The Burma Campaign: Disaster Into Triumph, 1942-45
This book, in essence a quadruple biography, tells the story of the four larger-than-life Allied commanders whose lives collided in the Burma campaign, one of the most punishing and protracted military adventures of World War II. Ranging from 1942, when the British suffered the greatest defeat in the history of the Empire, through the crucial battles of Imphal and Kohima ("the Stalingrad of the East"), and on to ultimate victory in 1945, this account is vivid, brutal, and enthralling.
Frank McLynn opens a new window on the Burma Campaign, focusing on the interactions and antagonisms of its principal players: William Slim, the brilliant general commanding the British 14th Army; Orde Wingate, the ambitious and idiosyncratic commander of the Chindits, a British force of irregulars; Louis Mountbatten, one of Churchill's favorites, overpromoted to the position of Supreme Commander, S.E. Asia; and Joseph Stilwell ("Vinegar Joe"), a hard-line U.S. general, also a martinet and Anglophobe. McLynn draws careful portraits of each of these men, neglecting neither strengths nor flaws, and shows with new clarity how the plans, designs, and strategies of generals and politicians were translated into a hideous reality for soldiers on the ground.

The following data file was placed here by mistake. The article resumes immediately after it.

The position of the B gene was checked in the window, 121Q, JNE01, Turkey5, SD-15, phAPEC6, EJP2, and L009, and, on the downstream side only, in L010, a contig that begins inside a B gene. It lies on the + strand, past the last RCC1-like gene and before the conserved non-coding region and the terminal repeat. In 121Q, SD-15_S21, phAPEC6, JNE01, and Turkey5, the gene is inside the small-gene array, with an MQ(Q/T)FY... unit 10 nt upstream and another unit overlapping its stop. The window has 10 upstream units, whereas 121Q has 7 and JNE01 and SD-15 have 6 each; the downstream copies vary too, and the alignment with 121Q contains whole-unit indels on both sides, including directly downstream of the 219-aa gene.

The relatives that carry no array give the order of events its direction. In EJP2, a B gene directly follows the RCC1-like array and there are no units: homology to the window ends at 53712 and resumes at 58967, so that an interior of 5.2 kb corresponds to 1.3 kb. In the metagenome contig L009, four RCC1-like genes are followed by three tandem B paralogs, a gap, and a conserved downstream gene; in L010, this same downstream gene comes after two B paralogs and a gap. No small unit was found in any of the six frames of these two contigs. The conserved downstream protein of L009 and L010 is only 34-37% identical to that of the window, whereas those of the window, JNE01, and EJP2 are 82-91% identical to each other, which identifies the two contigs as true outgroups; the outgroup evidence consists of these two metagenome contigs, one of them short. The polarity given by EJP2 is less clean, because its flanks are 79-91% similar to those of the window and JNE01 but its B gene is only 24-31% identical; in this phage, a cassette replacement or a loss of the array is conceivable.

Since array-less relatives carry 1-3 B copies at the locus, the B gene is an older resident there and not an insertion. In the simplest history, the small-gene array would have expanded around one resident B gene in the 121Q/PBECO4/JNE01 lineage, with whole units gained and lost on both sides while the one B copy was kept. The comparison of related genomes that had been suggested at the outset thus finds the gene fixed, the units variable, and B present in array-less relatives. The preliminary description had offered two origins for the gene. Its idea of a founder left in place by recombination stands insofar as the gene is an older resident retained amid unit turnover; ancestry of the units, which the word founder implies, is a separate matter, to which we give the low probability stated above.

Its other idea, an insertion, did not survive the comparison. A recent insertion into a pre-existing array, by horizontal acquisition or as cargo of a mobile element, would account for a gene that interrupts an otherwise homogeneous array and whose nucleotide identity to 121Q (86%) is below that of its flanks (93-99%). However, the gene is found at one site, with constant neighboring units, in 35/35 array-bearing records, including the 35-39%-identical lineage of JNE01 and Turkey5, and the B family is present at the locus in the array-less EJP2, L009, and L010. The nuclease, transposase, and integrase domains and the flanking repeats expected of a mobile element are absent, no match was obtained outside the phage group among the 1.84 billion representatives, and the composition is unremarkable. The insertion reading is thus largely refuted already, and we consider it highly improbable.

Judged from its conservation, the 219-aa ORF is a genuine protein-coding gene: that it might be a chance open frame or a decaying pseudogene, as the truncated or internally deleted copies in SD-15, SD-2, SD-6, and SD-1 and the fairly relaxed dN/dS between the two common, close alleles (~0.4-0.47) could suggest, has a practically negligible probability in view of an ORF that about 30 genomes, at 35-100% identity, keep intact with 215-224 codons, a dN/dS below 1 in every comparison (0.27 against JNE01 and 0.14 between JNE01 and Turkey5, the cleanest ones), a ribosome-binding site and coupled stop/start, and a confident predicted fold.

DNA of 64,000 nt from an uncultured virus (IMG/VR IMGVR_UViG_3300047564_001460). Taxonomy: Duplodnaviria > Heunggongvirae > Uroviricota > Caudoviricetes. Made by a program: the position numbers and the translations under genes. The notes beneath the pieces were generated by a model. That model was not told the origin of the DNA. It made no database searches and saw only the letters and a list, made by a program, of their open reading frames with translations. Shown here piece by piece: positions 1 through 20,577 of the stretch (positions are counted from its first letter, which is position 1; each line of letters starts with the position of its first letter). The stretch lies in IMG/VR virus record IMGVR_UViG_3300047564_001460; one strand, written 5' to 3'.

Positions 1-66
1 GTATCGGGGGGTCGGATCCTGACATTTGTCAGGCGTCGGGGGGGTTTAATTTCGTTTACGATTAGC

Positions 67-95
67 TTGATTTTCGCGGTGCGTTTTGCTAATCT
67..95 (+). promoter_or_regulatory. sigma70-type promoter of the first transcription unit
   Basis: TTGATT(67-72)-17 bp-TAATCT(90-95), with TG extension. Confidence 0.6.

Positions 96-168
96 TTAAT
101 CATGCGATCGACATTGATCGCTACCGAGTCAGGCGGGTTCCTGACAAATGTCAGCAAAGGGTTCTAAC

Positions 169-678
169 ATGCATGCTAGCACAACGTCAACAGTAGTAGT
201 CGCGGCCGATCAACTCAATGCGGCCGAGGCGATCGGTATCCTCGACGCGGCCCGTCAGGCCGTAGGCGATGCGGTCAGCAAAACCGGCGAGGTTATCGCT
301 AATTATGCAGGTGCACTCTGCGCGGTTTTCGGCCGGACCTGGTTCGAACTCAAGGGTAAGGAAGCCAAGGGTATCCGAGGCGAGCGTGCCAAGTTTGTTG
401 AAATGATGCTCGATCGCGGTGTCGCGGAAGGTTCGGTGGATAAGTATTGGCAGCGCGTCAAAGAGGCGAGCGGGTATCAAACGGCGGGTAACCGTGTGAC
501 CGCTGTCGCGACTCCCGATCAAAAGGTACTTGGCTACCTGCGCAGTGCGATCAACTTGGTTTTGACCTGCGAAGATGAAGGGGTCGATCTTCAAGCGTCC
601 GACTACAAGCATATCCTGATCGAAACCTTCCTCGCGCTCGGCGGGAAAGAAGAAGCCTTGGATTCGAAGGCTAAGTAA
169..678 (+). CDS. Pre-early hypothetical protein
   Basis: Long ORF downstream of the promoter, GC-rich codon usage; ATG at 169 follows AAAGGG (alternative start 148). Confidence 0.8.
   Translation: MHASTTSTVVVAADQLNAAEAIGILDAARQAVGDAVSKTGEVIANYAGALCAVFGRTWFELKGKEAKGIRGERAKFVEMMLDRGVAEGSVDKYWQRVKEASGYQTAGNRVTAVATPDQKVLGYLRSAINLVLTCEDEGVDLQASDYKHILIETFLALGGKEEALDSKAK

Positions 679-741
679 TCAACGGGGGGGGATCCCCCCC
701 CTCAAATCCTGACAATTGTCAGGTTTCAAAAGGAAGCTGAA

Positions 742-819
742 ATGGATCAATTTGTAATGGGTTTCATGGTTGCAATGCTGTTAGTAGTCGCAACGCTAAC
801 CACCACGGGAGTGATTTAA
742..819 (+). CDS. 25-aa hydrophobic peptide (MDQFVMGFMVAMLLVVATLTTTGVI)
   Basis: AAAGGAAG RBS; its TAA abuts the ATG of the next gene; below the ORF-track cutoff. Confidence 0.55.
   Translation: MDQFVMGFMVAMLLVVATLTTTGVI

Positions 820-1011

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Review: The Burma Campaign: Disaster into Triumph, 1942-45User Review - Art - Goodreads
Interesting command level account of a less well known but brutal campaign. Read full review
Review: The Burma Campaign: Disaster into Triumph, 1942-45User Review - Perry Andrus - Goodreads
Very good book. While it covers the entire campaign, the focus is on the politics and personalities of the major figures: Stilwell, Slim, Wingate and Mountbatten. Read full review